Monday, May 13, 2013

The Frog Prince . . .

Well, maybe not a prince.  Not even for a prince, in fact.  The bowl featured in this post was my Mother's Day gift to my frog-loving mom.

Now, this particular gourd has a story to go with it that began two years ago when Mom and I first attempted growing gourds.  We weren't sure how it would go, but I followed the instruction I found for hand-pollinating the female flowers using the pollen from the males.  It was a couple weeks until we found this gourd growing inside one of the socks used to prevent cross-pollination.  It was the first one we found, and we found it on Mom's birthday.  Right away, I decided that this gourd would be a present for her in the future.  A few weeks later, I tied a ribbon loosely around the stem so I wouldn't mistake any of the other gourd growing so emphatically for for this, our first one.

When it came time to harvest the gourds for the winter, I simply memorized what this one looked like.  After all, each gourd develops its own shape and coloring, and the stems are like fingerprints in their own way.  I watched this gourd closely, afraid that something might happen to ruin it as it "seasoned."  But it came out of the winter and spring seasons unharmed and in terrific condition for crafting.  Unlike most of the other gourds, the coloring was pretty even, giving me a canvas that was virtually blemish-free.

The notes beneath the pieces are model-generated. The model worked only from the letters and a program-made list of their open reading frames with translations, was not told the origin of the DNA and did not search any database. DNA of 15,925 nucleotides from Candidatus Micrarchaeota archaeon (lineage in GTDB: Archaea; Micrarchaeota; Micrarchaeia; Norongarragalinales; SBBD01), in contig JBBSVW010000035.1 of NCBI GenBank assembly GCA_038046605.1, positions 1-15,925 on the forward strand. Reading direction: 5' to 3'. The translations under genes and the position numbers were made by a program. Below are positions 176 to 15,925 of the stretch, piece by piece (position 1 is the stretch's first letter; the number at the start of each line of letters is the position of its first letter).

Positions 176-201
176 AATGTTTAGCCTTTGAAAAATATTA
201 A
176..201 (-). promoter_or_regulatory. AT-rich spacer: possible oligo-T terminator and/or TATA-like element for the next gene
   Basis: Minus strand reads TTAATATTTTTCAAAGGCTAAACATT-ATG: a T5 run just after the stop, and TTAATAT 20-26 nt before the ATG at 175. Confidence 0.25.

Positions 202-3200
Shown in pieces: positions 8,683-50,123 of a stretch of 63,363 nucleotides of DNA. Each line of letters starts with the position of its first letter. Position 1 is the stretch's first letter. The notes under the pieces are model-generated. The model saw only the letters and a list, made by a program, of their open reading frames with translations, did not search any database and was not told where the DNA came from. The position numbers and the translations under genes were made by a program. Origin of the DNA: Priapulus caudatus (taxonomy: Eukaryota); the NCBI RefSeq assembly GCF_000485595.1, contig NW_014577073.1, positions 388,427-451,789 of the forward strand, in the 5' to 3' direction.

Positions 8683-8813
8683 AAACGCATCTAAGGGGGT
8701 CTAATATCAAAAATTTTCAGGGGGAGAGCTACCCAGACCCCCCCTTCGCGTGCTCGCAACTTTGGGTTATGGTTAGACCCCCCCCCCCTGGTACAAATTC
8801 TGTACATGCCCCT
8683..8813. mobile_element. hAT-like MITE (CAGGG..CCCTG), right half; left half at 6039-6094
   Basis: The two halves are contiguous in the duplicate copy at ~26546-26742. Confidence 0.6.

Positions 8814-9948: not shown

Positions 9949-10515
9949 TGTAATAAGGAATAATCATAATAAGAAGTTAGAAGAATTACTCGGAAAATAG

Deciding what to do with this fantastic specimen, something to make it distinctive for a very important woman, was difficult at best.  It sat in a corner of my sunroom where I could see it every day.  The ideas it inspired varied from simple burning, to carving ivy vines, to something as intricate as a carved vine with some of the leaves cut out.  But it sat there for an entire year before I finally decided to cut off the top and make a bowl.  The frogs came later.

Here is where I warn you that I have forty-four pictures of this project, and while I will not post all of them, I will post a lot.  I am very proud of this project.  And, while some parts of it were a learning curve, I couldn't be happier with the results as they developed before my eyes.  Somewhere I have pictures at least of the harvest, if not the growing process, but alas, I can not locate them in the vast folders used for my gardening endeavors.

So, without further ado, I present the pride and joy of my gourd crafting to date . . .